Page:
Waiting The largest human storage place I have ever seen: Kakuma Refugee Camp. It is the second largest refugee camp in Kenya. 100,000 people from Somalia, Sudan, Ethiopia, Congo, Burundi and Uganda spends an average of 17 years of their lives here. The influx from South Sudan are currently (May ’12) 450 people a week.
They are waiting and waiting and waiting.
A classroom in Mogadishu Primary School inside the Kakuma Refugee Camp. This 4th grade class consists of boys and girls between 7 and 12 years (and probably older). There are 160 students of different nationalities in the class. Danida provides support for education in Kakuma through LWF.
Primary school headmaster, Mr. Waiyaki, at Mogadishu Primary School in Kakuma.
Boys playing football. Their “ball” is a lot of plastic rolled tightly. The field is a part of LWF’s “Youth and Sport unit within Kakuma”.
Shelters for men where they can play different games. The place is visited mostly by men from the same ethnic group.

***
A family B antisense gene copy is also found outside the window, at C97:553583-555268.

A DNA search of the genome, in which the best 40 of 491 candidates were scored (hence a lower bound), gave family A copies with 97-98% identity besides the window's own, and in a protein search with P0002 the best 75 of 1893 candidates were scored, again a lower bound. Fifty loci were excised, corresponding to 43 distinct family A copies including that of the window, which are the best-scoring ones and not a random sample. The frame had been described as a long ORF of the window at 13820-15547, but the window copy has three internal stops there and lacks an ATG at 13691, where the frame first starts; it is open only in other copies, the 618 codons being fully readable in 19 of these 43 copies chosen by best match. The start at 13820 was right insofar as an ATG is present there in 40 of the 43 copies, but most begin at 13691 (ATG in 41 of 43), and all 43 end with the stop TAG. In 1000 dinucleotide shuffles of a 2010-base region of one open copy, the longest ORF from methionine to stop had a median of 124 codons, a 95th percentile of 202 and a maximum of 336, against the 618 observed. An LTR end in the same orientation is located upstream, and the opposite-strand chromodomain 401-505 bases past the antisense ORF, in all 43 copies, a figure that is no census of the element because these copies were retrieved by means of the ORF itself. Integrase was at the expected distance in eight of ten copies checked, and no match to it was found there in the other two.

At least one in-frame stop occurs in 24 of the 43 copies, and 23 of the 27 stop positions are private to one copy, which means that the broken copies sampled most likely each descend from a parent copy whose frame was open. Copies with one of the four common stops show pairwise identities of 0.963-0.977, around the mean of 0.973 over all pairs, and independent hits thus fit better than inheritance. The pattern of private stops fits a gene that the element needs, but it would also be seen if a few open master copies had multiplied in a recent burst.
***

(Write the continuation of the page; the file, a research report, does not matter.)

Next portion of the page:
Facts / Kakuma Regufee Camp in – an unusual rainy – May 2012. The LWF hosted this visit. Kakuma camp was established in 1992 following the arrival of 16,000 Sudanese “Lost Boys” and “Lost Girls, minors who together with 200 caretakers undertook a hazardous five year odyssey which began with flight from the civil war in Sudan to Ethiopia; after war erupted in Ethiopia, they went back to an insecure Sudan before being forced to make their way into Kenya through the border town of Lokichoggio. In the same year, large groups of Ethiopian refugees fled their country following the fall of the Ethiopian government and added to the refugee population.The camp is divided into three parts: Kakuma I, Kakuma II and Kakuma III which has a predominantly host mixed nationalities. The camp is located on the outskirts of Kakuma town, which is the district headquarters for the newly created Turkana West District in Rift Valley Province in North Western Kenya. Kakuma town is situated along the lodwar – Kakuma – lokichiggio highway, 120 km from lodwar town, 95 km from lokichoggio and approximately 1,000 km from Nairobi. The local population is approximately 96,000 and is predominantly agro pastoralist but community members also practice small scale gold and precious stones mining; rain fed irrigation is also practiced, but with limitations due to the region’s arid and semi arid climate with average temperatures reaching 40 degree Celsius.